I've been thinking recently about how I originally got interested in talking to strangers in museums. I am not a person who is fundamentally good at talking to strangers. I love playing host to friends, but I clam up in big crowds, never go to happy hour, and don't know how to flirt. Working in museums as floor staff cracked open the social stranger door for me. My first museum job was working on the floor at the Acton Science Discovery Museum in Massachusetts. Like floor staff everywhere, I wore a vest that identified me as a staff person. It was blue. It was polyester. And It was a magic vest.
What made it magic? When I slipped on the vest, I was suddenly identified as someone who was safe for strangers to talk to. I could approach a kid and ask him a question or put a tuning fork to her elbow without any parents getting suspicious. I could jump in with a perplexed family and help them make the pendulum work. I was sought out and could initiate conversations. I could even tell dumb jokes or get people to sing songs about science with me. Magic.
Some days, I'd leave the museum to go grocery shopping, and I'd forget that I'd taken off my magic vest. I'd ask people questions in the produce aisle, bend down to talk to a small kid about what she was having for dinner. Sometimes this worked out, but more often, I was perceived as an intruder. Without the vest, I wasn't able to engage in the way that worked for me at the museum, and I didn't have any fall-back way to connect with strangers. So I stopped trying.
Over the years, I've learned to put on an imaginary magic vest when I go to museums, and I've gotten more comfortable starting conversations without it. But the physical vest is still better. When I told this story to a friend of mine who's a fire fighter, he immediately agreed--he feels like his uniform is also a magic social object. In uniform, he's someone who is perceived as a helpful source of information and a safe and enjoyable person to talk with. Out of uniform, he's just another guy on the street.
Of course, there's no single social object that projects a universal message of openness and willingness to engage. A person in a cop uniform may be inviting to some, threatening to others. I think of my dog as an amazing social object, but I'm also aware that for some people, dogs are scary creatures to be avoided. Every piece of apparel or physical extension of oneself invites others to pass judgment. The trick is to find the things that encourage others to judge you as welcoming and worthy of positive interaction.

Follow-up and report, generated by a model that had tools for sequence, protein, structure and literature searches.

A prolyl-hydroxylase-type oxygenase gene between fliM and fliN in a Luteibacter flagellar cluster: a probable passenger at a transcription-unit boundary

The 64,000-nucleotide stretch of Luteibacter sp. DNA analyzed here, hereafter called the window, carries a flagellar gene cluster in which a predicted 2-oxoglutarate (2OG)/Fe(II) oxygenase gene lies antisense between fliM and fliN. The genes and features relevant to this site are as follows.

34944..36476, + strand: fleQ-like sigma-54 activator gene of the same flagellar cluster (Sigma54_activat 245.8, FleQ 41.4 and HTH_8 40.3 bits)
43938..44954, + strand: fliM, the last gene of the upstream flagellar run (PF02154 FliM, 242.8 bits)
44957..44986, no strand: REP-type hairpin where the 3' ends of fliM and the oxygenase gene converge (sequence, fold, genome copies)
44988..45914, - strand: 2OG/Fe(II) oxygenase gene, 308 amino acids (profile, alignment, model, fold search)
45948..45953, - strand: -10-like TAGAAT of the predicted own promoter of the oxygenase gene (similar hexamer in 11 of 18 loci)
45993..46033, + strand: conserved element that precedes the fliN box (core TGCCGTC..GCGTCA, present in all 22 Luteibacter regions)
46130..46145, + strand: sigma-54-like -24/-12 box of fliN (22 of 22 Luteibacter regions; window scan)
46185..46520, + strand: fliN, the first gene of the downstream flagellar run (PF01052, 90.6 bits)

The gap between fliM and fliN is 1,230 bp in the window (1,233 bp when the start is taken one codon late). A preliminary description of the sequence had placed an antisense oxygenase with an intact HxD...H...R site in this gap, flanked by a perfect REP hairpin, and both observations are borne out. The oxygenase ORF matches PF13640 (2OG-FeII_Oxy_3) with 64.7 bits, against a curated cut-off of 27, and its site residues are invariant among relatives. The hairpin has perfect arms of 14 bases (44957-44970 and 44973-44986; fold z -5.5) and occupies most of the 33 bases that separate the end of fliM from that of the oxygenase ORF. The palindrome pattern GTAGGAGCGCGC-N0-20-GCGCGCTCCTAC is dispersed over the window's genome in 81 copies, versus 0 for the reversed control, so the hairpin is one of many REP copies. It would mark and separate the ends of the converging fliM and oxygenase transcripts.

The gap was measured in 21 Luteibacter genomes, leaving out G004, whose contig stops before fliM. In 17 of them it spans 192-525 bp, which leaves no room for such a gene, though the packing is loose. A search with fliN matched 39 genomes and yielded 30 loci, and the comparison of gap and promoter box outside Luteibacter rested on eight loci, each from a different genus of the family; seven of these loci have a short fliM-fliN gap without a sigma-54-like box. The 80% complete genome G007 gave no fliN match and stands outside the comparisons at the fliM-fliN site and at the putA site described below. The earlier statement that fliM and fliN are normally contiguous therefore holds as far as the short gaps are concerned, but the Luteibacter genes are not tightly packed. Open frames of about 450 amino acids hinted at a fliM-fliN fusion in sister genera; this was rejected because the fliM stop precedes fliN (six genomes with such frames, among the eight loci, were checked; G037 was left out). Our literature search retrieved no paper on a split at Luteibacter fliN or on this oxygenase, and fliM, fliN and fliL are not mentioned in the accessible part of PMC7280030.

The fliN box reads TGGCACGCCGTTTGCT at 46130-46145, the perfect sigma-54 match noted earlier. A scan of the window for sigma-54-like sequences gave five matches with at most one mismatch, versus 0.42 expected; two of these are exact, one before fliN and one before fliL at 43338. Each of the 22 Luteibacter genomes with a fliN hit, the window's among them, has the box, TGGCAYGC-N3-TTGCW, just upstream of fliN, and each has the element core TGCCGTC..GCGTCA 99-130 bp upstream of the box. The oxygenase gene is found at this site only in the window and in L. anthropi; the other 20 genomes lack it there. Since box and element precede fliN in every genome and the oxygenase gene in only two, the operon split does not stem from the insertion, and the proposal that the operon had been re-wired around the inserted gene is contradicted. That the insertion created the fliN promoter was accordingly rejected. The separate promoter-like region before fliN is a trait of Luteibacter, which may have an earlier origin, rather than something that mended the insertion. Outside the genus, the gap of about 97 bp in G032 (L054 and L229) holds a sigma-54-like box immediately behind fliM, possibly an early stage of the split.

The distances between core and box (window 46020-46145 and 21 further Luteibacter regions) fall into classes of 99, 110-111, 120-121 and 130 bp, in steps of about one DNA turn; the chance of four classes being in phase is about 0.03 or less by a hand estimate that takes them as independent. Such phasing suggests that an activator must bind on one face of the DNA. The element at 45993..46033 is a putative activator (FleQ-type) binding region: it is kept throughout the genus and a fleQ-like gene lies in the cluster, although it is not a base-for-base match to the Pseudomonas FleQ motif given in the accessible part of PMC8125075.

I wouldn't be the person I am today, one who is genuinely interested in others' opinions and jumps into participatory museum experiences, if not for my time on the museum floor in the magic vest. I believe that everyone deserves to have a magic vest experience, and that for socially inept people like myself, having an opt-in way to signal your interest in interpersonal communication can be a great social tool to mediate the experience. There are some safety concerns--we wouldn't want people impersonating fire fighters--but there should be some "magic vests" that come laden with positive interest and intent rather than authority. Many science museums offer kids lab coats to wear during programs, which affects their self-perception and modes of expression. What if we offered all visitors coats, vests, hats, etc. to express their interest in engaging in particular ways? I've written before about the idea of offering visitors stickers or buttons that say "ASK ME WHAT I THINK" so they can have their own social experiences facilitated by apparel, and I'm looking for more options.
Why does talking to strangers matter? Every time I do it, it improves my ability to empathize and understand other people. It brings surprising and delightful experiences into my life. My default is to feel phenomenally lonely in large social venues like museums and conferences. Finding the right tools to enable social engagement lets me leave my own shell and connect with and enjoy the rest of the world.
I'm curious what "magic vest" experiences you've had--whether in museums or elsewhere--and how you think wearable social objects fit into participatory experiences with strangers. What's your magic vest? Where do you wear it, and what superpower does it have?